Does Minority Status Increase the Effect of Disability Status on Elementary Schoolchildren’s Academic Achievement?

The authors investigated whether children’s reading and mathematics growth trajectories from kindergarten to fifth grade inter-related, and to what extent disability and minority status interacted to predict their achievement trajectories. The authors conducted secondary data analysis based on a nationally representative sample of 6,446 U.S. schoolchildren from the Early Childhood Longitudinal Study–Kindergarten Cohort (ECLS-K). Results indicated that children’s reading and mathematics achievement were highly correlated in both initial status and growth. Being disabled or a racial/ethnic minority independently predicted lower academic achievement. Disability status was associated with similar academic disadvantages for minority and White students from kindergarten to fifth grade. Growth mixture models identified a group of children with lower and lagging achievement in both reading and mathematics from kindergarten until fifth grade.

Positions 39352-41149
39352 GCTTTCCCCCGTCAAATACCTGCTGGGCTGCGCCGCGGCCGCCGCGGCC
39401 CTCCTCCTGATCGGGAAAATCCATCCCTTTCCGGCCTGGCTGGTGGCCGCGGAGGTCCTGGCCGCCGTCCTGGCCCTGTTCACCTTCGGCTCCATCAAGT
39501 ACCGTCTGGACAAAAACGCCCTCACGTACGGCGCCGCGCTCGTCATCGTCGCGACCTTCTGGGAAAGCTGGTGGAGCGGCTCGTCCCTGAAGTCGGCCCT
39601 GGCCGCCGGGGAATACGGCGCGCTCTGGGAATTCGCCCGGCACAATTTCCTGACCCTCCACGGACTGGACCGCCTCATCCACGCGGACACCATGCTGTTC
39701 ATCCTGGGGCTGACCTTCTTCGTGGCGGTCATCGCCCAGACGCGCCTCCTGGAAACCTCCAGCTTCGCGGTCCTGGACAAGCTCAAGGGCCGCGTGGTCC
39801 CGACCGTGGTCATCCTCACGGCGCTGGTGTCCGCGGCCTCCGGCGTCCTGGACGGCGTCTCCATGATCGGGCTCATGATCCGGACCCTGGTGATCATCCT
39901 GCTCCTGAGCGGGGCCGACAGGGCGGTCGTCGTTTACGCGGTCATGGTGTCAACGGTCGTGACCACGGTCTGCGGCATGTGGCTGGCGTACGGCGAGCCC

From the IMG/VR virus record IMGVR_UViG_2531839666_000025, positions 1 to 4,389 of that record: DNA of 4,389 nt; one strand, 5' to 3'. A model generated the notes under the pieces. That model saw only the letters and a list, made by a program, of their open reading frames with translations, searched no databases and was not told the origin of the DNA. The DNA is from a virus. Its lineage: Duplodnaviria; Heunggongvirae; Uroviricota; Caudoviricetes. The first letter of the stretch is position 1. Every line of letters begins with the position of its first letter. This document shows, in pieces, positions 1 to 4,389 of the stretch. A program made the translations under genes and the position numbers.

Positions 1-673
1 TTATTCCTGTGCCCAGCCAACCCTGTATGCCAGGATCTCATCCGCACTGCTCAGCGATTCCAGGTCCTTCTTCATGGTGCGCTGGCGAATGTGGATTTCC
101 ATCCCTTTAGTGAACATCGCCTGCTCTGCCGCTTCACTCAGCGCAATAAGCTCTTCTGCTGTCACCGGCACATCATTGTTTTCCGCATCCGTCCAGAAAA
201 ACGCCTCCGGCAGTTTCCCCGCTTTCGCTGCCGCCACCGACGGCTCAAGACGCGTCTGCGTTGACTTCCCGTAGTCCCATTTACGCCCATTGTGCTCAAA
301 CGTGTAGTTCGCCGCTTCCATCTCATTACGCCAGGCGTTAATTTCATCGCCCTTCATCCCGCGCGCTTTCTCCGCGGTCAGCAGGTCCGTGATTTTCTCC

Wu, Qiong, Morgan, Paul L., and Farkas, George. (2014). Does Minority Status Increase the Effect of Disability Status on Elementary Schoolchildren’s Academic Achievement? Remedial and Special Education, 35, 366-377.

About rickyWburk

Ricky W. Burk, CCC-SLP, BCS-F, is a speech-language pathologist who provides in-home therapy for adolescents and adults residing in Tennessee and Mississippi who stutter. His career includes PreK, elementary, middle, and high school practice, undergraduate & graduate faculty appointments, skilled nursing, national & international consultation, private practice, and national & international speaking presentations. He holds the American Speech-Language Hearing Association Certificate of Clinical Competence, and he is a Board Certified Specialist in Fluency Disorders. He is the ASHA Continuing Education Administrator for the National Association for Speech Fluency.
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